Response to the Address of OSCE Parliamentary Assembly President Pia Kauma

President Pia Kauma addresses OSCE Permanent Council (Micky Kroell/OSCE)

Response to the Address of OSCE Parliamentary Assembly President Pia Kauma

As delivered by Ambassador Michael R. Carpenter
to the Permanent Council, Vienna
February 8, 2024

President Kauma, welcome back to the Permanent Council. 

We commend the Parliamentary Assembly and you personally for continuing to hold Russia accountable for both its war of aggression against Ukraine and its repression at home.  Since Russia’s initial invasion of Ukraine in 2014, the Parliamentary Assembly has adopted several important resolutions condemning Russia’s war as “a clear, gross and uncorrected violation of Helsinki principles,” and calling for justice and accountability. The United States joins the Parliamentary Assembly in condemning the violence that the Kremlin and its forces have perpetrated in Ukraine since 2014, including targeted killings of civilians, torture, rape, forced transfer and deportation of children, and the destruction of civilian infrastructure and cultural property.  All those found to have ordered or committed crimes in Ukraine must be held accountable.  

The Assembly’s Winter Meeting last year underscored the international isolation that Russia has brought upon itself as a result of its senseless and cruel war.  Looking ahead to this year’s meeting in two weeks here in Vienna, we look forward to another demonstration of the overwhelming support that Ukraine enjoys among the parliaments of OSCE participating States. 

We welcome the PA’s unanimous decision last year to establish the Parliamentary Support Team for Ukraine to further enhance its work in defense of Helsinki principles and in the face of Russia’s flagrant aggression.  Your decision to lead its first field visit to Ukraine earlier this week was a continued demonstration of your personal resolve and that of the broader Assembly in solidarity with Ukraine, and I thank you for that.  

We appreciated your engagements in Washington last week with your Congressional counterparts and the Administration to discuss Ukraine and other pressing security matters in the OSCE region.  The views exchanged and relationships deepened during such visits exemplify some of the greatest benefits of parliamentary diplomacy.  Your participation in a Helsinki Commission hearing in the U.S. Congress highlighted particularly heinous Russian Federation abuses: the unlawful transfer within Russia-occupied parts of Ukraine and deportation of tens of thousands of Ukrainian children and adult civilians, in violation of international humanitarian law. And again, I thank you for participating in that very important hearing with the Helsinki Commission.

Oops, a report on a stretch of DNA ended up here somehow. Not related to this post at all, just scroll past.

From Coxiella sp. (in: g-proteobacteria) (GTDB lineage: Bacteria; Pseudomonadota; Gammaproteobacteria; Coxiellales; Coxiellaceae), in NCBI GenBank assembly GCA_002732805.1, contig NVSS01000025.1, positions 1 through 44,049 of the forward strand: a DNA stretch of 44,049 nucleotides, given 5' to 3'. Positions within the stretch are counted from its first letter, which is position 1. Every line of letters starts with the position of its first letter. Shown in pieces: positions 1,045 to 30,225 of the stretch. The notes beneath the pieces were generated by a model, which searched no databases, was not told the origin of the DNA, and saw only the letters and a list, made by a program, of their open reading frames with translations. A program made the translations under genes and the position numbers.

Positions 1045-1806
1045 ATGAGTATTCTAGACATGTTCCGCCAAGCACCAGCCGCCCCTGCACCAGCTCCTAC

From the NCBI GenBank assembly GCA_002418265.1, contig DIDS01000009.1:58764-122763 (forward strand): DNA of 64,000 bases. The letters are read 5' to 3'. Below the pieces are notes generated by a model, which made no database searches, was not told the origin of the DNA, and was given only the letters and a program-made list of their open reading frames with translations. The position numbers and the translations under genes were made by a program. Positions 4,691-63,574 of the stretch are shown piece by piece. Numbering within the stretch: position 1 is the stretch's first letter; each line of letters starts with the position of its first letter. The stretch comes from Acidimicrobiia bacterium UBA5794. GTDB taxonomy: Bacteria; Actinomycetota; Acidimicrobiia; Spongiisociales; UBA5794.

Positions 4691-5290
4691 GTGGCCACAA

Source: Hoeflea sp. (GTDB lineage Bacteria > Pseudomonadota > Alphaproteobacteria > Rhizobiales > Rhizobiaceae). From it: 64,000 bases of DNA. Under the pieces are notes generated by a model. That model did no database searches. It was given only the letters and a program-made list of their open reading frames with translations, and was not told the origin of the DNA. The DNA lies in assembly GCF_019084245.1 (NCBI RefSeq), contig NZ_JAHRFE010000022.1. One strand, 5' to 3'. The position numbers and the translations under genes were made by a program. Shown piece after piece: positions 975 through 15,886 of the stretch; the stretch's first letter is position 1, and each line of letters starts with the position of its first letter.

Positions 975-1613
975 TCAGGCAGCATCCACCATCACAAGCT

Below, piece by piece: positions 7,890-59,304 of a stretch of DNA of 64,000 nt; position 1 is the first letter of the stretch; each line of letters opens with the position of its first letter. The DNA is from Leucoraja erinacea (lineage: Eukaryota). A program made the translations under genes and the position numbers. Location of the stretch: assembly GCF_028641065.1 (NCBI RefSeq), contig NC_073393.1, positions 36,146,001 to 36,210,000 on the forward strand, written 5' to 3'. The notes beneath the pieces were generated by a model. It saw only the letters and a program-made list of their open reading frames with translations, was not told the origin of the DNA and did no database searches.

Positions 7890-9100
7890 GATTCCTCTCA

Russia continues to forcibly transfer or deport Ukrainian children to Russia or Russia-occupied areas of Ukraine and subjects them to pro-Kremlin and anti-Ukraine indoctrination in an apparent effort to Russify them and erase their Ukrainian identity. This is heinous.  This continues, even after the International Criminal Court issued arrest warrants for President Putin and Russia’s Commissioner for so-called Children’s Rights Maria Lvova-Belova for the alleged war crimes of unlawful deportation and unlawful transfer of children from occupied areas of Ukraine to Russia.  With 45 other OSCE participating States,  the United States invoked the Moscow Mechanism last spring on this issue.  And as we said then, Russia must return the children of Ukraine to Ukraine, and do so now.  

More information has emerged about adult Ukrainian civilians, whom Russian armed forces have detained and, in some cases, deported to Russia.  These are civilians with no connection to the Ukrainian military, some of whom have reportedly been tortured or used for forced labor by the Russian military.  Others are missing or languish in Russian prisons on spurious charges.  This too must stop now.

The United States continues to step up sanctions aimed at stopping Russian aggression.  Last December, President Biden signed an Executive Order to expand the United States’ ability to target financial institutions located outside of Russia that facilitate transactions involving Russia’s military-industrial base.  This underscores the need for financial institutions around the world to ensure they are not facilitating activities that support Russia’s war effort.   

Madam President, lastly, we welcome the Assembly’s ongoing collaboration with the OSCE institutions, including on election observation.  Parliaments have a crucial role to play in the implementation of our shared OSCE commitments.  We look forward to the upcoming Parliamentary Assembly Meeting here in Vienna as an opportunity to exchange information and to hear the views of PA members.  We anticipate that the Winter Meeting will be another opportunity to hold Russia accountable, as it was last year.

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